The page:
« Reply #181 on: 01 January, 2021, 08:27:40 pm »
"Do They Know It's Christmas?" (Band Aid)

It was unlikely in Ethiopia....
Ethiopia is a Christian country, one of the oldest Christian communities.



True, but the Church is Orthodox....

ian

  • not a woman, not an american, not a vampire
Re: Factual errors in songs.
« Reply #182 on: 01 January, 2021, 08:31:59 pm »
"Do They Know It's Christmas?" (Band Aid)

It was unlikely in Ethiopia....
Ethiopia is a Christian country, one of the oldest Christian communities.

To be fair, they call it Ganna (or Genna) and it's on the 7th January. Melkam Genna!

But they also have thirteen months every year and an extraordinary number of still-working Trabants. I've never been sure if Trabants had suspension when they were built (unlikely I suppose) but none of them have suspension now.

(Having travelled through a fair amount of Africa I can answer the question with 'yes, they do know it's Christmas, so fuck off Bob')
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Kim

  • Timelord
Re: Factual errors in songs.
« Reply #183 on: 01 January, 2021, 09:54:41 pm »
I was, for reasons best explained by being a distracted nerd, reading the comments[1] in tzdata[2] the other night.  Ethiopia is one of the time zones they shrugged at and gave up  because it was impossible to represent in the structure of the database.  They also - for reasons that presumably make sense for an agricultural country close to the equator, but probably double as a cheerful up-yours[3] to the colonisers - like to use solar time, starting from sunrise/sunset rather than the meridian, which puts their clocks about 6 hours out of phase with EAT.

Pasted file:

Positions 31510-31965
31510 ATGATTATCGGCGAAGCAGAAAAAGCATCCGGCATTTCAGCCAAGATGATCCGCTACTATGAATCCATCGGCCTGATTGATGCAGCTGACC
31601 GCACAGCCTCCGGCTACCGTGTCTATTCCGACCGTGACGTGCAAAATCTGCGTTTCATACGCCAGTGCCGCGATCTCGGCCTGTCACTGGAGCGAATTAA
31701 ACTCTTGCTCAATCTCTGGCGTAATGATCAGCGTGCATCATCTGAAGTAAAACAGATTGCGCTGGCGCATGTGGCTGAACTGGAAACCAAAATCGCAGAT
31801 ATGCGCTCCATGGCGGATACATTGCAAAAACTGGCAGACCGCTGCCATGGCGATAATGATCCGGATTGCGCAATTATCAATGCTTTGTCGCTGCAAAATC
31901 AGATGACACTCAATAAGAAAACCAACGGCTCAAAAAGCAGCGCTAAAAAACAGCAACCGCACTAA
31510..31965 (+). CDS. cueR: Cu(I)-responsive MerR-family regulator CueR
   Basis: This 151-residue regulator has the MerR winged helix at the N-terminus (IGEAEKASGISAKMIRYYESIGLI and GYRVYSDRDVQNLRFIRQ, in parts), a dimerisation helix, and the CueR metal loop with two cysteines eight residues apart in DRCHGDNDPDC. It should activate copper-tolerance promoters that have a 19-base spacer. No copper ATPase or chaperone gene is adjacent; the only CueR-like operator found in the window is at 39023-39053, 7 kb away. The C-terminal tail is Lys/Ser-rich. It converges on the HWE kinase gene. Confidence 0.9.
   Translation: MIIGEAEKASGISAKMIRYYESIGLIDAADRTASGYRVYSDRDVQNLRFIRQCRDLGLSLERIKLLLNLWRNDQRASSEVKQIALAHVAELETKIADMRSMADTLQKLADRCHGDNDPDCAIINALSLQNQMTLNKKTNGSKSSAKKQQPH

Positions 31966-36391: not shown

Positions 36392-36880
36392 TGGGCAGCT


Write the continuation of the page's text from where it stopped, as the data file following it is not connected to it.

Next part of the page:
Thankfully, none of this has anything to do with Bob Geldof.


[1] The whole thing's about 10% time zone definitions, and 90% comments containing citations of the relevant historical research.  It reads as a protracted saga of frustrated engineers sifting through the strata of colonial history in a seemingly futile quest to make computers do clocks properly.
[2] "Tzdata, tzdata: Gives you an excuse for getting up later."  Software that unisex computers use to do things like leap seconds and work out whether Bulgaria was doing daylight saving on the 23rd of July 1981, and if so, by how much.
[3] See also: Belgium, who have form for this sort of thing.
Careful, Kim. Your sarcasm's showing...

Re: Factual errors in songs.
« Reply #184 on: 01 January, 2021, 10:02:45 pm »
An Ethiopian neighbour had great difficulty with the Home Office (residency) and US Immigration (first with a visa application and then with entry), over her date of birth, because 1, the Ethiopian calendar is different, and 2, there isn't a standard way of working out equivalent dates in Gregorian reckoning.

ian

  • not a woman, not an american, not a vampire
Re: Factual errors in songs.
« Reply #185 on: 02 January, 2021, 09:12:17 pm »
The name of Pagume (the 13th month of 5 or 6 days) is derived from the Greek for the days we didn’t know what to do with. So it’s basically the days that didn’t get picked for any of the teams, like me in PE. It’s to ensure alignment with the lunar calendar and the rise of Sirius. It’s the fault of the Egyptians. I swear this made a lot more sense after a few drinks.